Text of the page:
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How Open Source supports Education

The Open Source movement grew out of the frustrations users have in proprietary hardware and software; technologies that enable barriers to use and models of development that alienate the user.

Eric Raymond uses the metaphor of the Cathedral and the Bazaar to talk about these opposing models of software development. In the Cathedral model there is top down control on the design and the implementation of the project (an analogy to the building of cathedrals in the middle ages).

The project is unveiled once built, whereas the bazaar model is much more informal, messy, open and relies on community participation. Open Education and Open Educational Resources share a similar ethos with Open Source with a focus on sharing and accessibility to learning.

A brief history of Bloom’s taxonomy for learning

In 1956, Benjamin Bloom, an educational psychologist developed a taxonomy of Educational Objectives, proposing that  that learning fits into one of three psychological domains; Cognitive, Affective and Psychomotor and that learning objectives can be designed around these. Fast-forward to 2001 and student of Bloom Lorin Anderson and David Krathwohl, revised the taxonomy to include the use of verbs rather than nouns for the categories within the cognitive domain and rearranging it as a progression from ‘lower order thinking skills’’ to ‘higher order thinking skills’:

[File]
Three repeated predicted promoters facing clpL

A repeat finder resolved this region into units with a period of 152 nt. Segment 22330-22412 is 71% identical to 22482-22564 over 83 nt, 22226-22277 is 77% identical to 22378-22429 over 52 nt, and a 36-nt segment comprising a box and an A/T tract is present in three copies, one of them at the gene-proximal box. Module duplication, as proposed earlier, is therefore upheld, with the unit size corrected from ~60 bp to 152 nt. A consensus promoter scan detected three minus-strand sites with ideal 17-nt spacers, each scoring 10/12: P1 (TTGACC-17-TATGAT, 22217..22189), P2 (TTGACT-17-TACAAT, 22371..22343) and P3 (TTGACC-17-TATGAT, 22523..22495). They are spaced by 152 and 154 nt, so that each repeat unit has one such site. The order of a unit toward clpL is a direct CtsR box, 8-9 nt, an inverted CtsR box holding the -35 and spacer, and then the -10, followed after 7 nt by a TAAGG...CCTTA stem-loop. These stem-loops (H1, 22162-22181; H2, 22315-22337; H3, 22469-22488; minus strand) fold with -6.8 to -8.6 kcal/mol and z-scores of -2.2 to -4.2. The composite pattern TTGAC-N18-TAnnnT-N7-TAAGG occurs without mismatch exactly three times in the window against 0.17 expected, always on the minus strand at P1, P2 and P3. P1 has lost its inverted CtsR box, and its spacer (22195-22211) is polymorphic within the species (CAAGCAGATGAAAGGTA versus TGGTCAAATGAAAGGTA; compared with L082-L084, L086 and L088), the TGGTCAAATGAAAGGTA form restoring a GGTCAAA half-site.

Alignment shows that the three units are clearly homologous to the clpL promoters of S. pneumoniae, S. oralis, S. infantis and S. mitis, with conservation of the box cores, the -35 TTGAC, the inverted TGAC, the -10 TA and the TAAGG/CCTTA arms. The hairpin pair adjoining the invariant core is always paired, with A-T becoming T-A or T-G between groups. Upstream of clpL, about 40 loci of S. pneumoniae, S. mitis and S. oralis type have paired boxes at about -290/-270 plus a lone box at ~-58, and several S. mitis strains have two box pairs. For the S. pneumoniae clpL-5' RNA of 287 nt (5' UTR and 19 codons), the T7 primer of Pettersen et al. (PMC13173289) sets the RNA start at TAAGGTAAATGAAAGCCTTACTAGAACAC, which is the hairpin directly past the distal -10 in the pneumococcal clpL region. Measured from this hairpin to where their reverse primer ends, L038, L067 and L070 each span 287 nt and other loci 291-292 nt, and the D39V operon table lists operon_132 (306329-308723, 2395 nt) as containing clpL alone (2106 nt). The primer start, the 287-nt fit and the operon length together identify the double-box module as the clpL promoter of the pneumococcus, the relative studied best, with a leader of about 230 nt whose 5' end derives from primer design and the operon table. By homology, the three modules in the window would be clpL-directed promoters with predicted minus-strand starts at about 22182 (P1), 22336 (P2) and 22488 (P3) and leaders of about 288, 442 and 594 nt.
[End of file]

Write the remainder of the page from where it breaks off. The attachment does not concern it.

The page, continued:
So this…                                              Becomes:

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Creating a Digital taxonomy

On the Edorigami Wiki, Andrew Churches documents an update to Bloom’s Revised Taxonomy that accounts for the “new behaviours, actions and learning opportunities emerging as technology advances and becomes more ubiquitous”. This revision provides further granularity and suggests a taxonomy based upon the opportunities that technology provides:

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The Tools

Within the educational institution, we are often prescribed proprietary solutions to work with, such as Adobe’s Creative Suite and Microsoft Office, but there are a range of free and open source alternatives that help develop transferable skills and promote sharing and collaborating. So with this and Bloom’s in mind, here’s a freely available collaborative list of tools that support a taxonomy of learning and teaching verbs. Feel free to use, add to, comment upon and vote for your favourites.

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